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Date [ 2014-04-01, 12:40 ]

Big corporations are guilty of violating human and animal dignity.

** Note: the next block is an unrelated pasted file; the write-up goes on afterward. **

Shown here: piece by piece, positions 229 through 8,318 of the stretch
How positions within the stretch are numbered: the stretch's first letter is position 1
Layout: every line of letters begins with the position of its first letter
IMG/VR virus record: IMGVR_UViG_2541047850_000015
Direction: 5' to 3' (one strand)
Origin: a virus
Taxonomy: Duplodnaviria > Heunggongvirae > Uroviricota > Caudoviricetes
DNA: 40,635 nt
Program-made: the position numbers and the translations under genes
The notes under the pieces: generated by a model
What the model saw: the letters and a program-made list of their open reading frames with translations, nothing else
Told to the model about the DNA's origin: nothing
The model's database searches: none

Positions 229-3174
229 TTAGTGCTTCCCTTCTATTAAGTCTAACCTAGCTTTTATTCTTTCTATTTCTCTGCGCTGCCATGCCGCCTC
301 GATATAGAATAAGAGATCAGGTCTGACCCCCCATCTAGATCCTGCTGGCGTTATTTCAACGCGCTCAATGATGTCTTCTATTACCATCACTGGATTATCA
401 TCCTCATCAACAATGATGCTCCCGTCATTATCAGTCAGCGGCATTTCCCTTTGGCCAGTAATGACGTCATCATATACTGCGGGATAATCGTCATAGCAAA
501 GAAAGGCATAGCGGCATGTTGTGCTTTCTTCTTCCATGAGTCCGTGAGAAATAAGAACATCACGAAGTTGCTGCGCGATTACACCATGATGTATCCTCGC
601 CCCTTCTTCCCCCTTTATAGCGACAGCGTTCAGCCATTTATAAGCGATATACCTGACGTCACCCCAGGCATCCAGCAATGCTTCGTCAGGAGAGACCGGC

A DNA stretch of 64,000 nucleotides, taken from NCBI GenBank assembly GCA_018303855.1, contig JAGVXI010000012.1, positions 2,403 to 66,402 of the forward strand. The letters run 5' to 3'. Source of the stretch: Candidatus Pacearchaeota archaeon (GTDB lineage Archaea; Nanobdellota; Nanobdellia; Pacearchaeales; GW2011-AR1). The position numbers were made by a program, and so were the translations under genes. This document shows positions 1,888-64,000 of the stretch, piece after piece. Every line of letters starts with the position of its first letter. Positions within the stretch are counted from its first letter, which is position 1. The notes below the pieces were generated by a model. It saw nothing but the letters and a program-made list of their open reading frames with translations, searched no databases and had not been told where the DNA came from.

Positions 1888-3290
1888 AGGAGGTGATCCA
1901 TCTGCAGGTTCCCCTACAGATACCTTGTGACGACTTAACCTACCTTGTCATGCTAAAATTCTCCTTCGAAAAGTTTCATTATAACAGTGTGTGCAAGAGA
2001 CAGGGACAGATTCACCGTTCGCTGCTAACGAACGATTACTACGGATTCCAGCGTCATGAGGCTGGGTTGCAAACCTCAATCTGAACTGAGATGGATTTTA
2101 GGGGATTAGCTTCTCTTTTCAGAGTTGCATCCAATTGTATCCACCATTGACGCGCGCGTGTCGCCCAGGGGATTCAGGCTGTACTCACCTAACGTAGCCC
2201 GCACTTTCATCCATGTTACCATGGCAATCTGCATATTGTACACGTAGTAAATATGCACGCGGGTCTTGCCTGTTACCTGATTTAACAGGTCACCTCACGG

Big corporations are guilty of violating human and animal dignity. (Kuala Lumpur=Koreanpress) Ramani Rathir = Do you ever stop consider what may lie behind the food you buy? Are the farmers getting paid a fair price for their produce? Are live animals transported humanely to slaughter houses? Are workers slaving away in some third world country to get the frozen shrimps to you? Almost never! Shoppers are more interested in the bargains for the day or the expiry date. What do they care about natives in Brazil driven from their ancestral lands for sugar cane plantations? Or chickens cooped in tiny cages where they can hardly stand upright in plastic cages 20 stacks high! Drivers in Indonesia making that one extra run, even though not many of them had an eight-hour rest. In Pakistan, rural communities inform that Nestlé is bottling and selling valuable groundwater meant for nearby villages that cannot afford clean treated water. In 2009, Kraft was accused of purchasing beef from Brazilian suppliers linked to cutting down trees in the Amazon rainforest to create grazing land for cattle. Plus today, Coca-Cola is facing allegations of child labour in its supply chain in the Philippines. Sadly, these charges are not anomalies. For more than 100 years, the world's most powerful food and beverage companies have relied on cheap land and labor to produce inexpensive products and huge profits. But these profits more often than not, have come at the cost of damaging the environment and causing hardships to local communities around the world. The result is the emergence of a food system in crisis. Today, a third of the world’s population relies on small-scale farming for their livelihoods. What is aggravating is that while agriculture today produces more than enough food to feed everyone on earth, a third of it is wasted. The irony of it is that while more than 1.4 billion people are overweight, almost 900 million people go to bed hungry each night. What is more galling is that the vast majority of the hungry are the small-scale farmers and workers who supply nutritious food to 2–3 billion people worldwide. Yet up to 60 percent of farm labourers live in poverty. At the same time, Man’s abuse of Mother Nature has resulted in changing weather patterns due to greenhouse gas emissions. A large percentage of which come from big scale agricultural production and contribute to making farming an increasingly unreliable occupation. Adding to the vulnerability of poor farmers and farm workers, are food prices that continue to fluctuate wildly. This is due to the demand for soy, corn, and sugar to feed affluent diets which are on the rise. And to top it off, the very building blocks of the global food system – fertile land, clean water and reliable weather – are growing scarce. These facts are not well kept secrets; for companies also realize that agriculture is now risky and are taking steps to guarantee future commodity supplies and to reduce social and environmental risks along their supply chains. Let us hope this is a turn for the better. Some of the spin-offs of this new train of thoughts are food and beverage companies speaking out against biofuels, building schools for communities and cutting back on water usage in company operations. Thankfully new corporate social responsibility programmes are proliferating and declarations of sustainability are now ubiquitous. The CEO of PepsiCo, Indra Nooyi, in fact noted in 2011,”It is not enough to make things that taste good. PepsiCo must also be “the good company.” It must aspire to higher values than the day-to-day business of making and selling soft drinks and snacks.‟ Problem is, such claims of better environmental and social behaviour have thus far been extremely difficult to assess, despite rapidly growing consumer demand to know the truth of these claims. One NGO setting out to get a more clear picture is Oxfamwith its ‘Behind the Brands’ campaign. It evaluates where companies stand on policy in comparison with their peers and challenges them to begin a race to the top to improve their social and environmental performance. By targeting specific areas for improvement along the supply chain, the campaign pinpoints policy weaknesses and will work with others to shine a spotlight on the practices of these companies. The campaign focuses on 10 of the world’s most powerful food and beverage companies and aims to increase the transparency and accountability of the ‘Big 10’ throughout the food supply chain. Korean Press will keep its readers informed of the results. abc@koreanpress.net